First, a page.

Marcus Rediker, author of "The Slave Ship: A Human History," was awarded the fourth annual George Washington Book Prize, honoring the most important new book about America's founding era, during ceremonies at Mount Vernon Estate May 29. For his work in this bicentennial year of the abolition of slavery in America Rediker was awarded $50,000.
A prize-winning author, who chairs the University of Pittsburgh's history department, Rediker was honored for his definitive and painfully evocative account of the floating prisons that carried an estimated 12.4 million African across the so-called "Middle Passage" of the Atlantic to help build the newly established America.
"One of the things I wanted to do in this book was to make our understanding of the slave trade concrete -- hence my subtitle, "a human history" -- because I think our capacity to live with injustice depends to some extent on making it abstract," said Rediker.
"The George Washington Book Prize is a tremendous honor, and a surprise. I grew up in the South, went to high school in Virginia, so George Washington and the Virginia aristocracy always loomed large in my mind. It's where I first came to understand issues of race and class and I've been working on them ever since," he said in accepting the award.
Presented to the author at a black-tie dinner attended by some 200 luminaries from the worlds of book publishing, politics, journalism, and academia, the prize includes, in addition to the monetary reward, a medal. It is one of the largest history awards in the nation.
Complete with fireworks and candlelight tours of Washington's Mansion, the event also celebrated the works of two other finalists: Woody Holton, author of "Unruly Americans and the Origins of the Constitution," and Jon Latimer, author of "1812: War with America."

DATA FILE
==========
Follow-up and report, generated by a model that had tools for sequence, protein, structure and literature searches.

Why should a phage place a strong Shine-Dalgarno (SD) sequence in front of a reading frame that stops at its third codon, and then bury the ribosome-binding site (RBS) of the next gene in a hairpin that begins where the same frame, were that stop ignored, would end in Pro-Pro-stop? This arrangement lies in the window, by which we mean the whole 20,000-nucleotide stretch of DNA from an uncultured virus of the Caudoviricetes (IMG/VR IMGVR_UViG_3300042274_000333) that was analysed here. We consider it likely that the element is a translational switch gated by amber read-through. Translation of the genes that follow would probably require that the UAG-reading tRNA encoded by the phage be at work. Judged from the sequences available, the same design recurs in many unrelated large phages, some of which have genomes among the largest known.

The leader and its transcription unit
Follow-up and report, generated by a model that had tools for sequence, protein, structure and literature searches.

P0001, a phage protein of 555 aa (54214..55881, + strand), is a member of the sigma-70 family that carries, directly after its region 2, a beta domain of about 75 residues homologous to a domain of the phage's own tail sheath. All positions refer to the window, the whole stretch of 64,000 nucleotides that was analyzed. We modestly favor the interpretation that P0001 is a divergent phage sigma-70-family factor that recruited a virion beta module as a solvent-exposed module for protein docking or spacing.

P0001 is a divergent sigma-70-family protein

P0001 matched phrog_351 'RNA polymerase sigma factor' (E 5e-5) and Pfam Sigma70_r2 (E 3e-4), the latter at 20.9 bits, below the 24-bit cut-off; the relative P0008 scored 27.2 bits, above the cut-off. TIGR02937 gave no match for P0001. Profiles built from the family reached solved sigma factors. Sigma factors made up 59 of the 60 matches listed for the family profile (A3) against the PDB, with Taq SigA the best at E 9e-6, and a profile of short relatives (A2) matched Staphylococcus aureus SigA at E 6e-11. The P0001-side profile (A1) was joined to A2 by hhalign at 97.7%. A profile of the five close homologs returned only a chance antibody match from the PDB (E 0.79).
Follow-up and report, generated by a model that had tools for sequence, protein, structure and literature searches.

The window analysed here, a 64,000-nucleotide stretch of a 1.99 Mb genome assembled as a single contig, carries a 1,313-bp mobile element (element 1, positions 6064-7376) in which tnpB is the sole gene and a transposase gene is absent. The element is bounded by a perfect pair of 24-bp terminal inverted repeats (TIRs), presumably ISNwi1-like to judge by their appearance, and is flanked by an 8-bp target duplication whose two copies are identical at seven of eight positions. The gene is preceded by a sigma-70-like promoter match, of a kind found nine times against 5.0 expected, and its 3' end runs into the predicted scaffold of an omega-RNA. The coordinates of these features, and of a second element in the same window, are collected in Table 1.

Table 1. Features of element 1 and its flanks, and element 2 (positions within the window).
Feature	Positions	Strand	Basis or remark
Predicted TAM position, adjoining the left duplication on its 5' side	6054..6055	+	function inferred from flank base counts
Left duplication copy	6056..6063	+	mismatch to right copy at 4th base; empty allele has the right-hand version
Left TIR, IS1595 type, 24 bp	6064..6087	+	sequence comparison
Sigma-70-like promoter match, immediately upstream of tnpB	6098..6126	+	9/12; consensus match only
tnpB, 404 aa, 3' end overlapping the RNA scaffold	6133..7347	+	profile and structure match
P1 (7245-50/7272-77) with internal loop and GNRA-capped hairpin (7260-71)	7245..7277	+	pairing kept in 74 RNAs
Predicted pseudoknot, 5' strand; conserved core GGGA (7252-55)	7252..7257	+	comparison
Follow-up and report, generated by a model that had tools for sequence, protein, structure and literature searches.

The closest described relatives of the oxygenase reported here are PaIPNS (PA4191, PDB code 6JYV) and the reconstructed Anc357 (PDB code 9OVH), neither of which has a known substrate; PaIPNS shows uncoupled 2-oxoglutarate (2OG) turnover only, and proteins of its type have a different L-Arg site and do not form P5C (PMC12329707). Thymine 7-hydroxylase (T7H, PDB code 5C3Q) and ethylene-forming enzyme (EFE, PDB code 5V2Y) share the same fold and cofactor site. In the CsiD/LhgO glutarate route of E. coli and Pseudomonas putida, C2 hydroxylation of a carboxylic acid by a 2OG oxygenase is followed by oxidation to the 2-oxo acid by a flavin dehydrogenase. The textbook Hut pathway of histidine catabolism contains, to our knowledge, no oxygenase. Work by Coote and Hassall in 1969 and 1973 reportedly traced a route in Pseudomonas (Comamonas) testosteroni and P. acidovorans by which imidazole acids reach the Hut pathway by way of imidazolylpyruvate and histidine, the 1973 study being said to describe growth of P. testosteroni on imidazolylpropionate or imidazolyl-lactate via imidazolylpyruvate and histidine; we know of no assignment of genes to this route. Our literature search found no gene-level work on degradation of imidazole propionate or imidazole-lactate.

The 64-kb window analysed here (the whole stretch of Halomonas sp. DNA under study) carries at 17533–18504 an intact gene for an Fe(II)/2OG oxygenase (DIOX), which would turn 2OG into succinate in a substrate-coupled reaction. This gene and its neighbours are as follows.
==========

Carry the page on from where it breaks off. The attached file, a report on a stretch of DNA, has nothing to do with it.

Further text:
The books were selected by a three-person jury of American historians, including Chairman Robert L. Middlekauff, University of California, Berkeley; Elizabeth A. Fenn, Duke University; and Andrew Jackson O'Shanghnessy, director, Monticello's International Center for Jefferson Studies and professor of history, University of Virginia.
Rediker's book was named the winner by a panel of two representatives from each of the three institutions that created and sponsor the prize -- Washington College of Chestertown, Maryland; the Gilder Lehrman Institute of American History, New York City; and the Mount Vernon Ladies Association -- plus historian Patricia Bonomi of New York University.
"For more than 200 years, Americans have been engaged in an ongoing -- and sometimes contentious -- conversation about the meaning and significance of the country’s founding era. The George Washington Book Prize honors books that contribute fresh insights to that national conversation," said Adam Goodheart, Hodson Trust-Griswold director of Washington College's C.V. Starr Center for the Study of the American Experience, which administers the prize.
Created in 2005, the George Washington Book Prize was awarded in its inaugural year to Ron Chernow for "Alexander Hamilton." In 2006 it went to Stacy Schiff for "A Great Improvisation: Franklin, France and the Birth of America." Last year's recipient was Charles Rappleye for his "Sons of Providence: The Brown Brothers, the Slave Trade, and the American Revolution."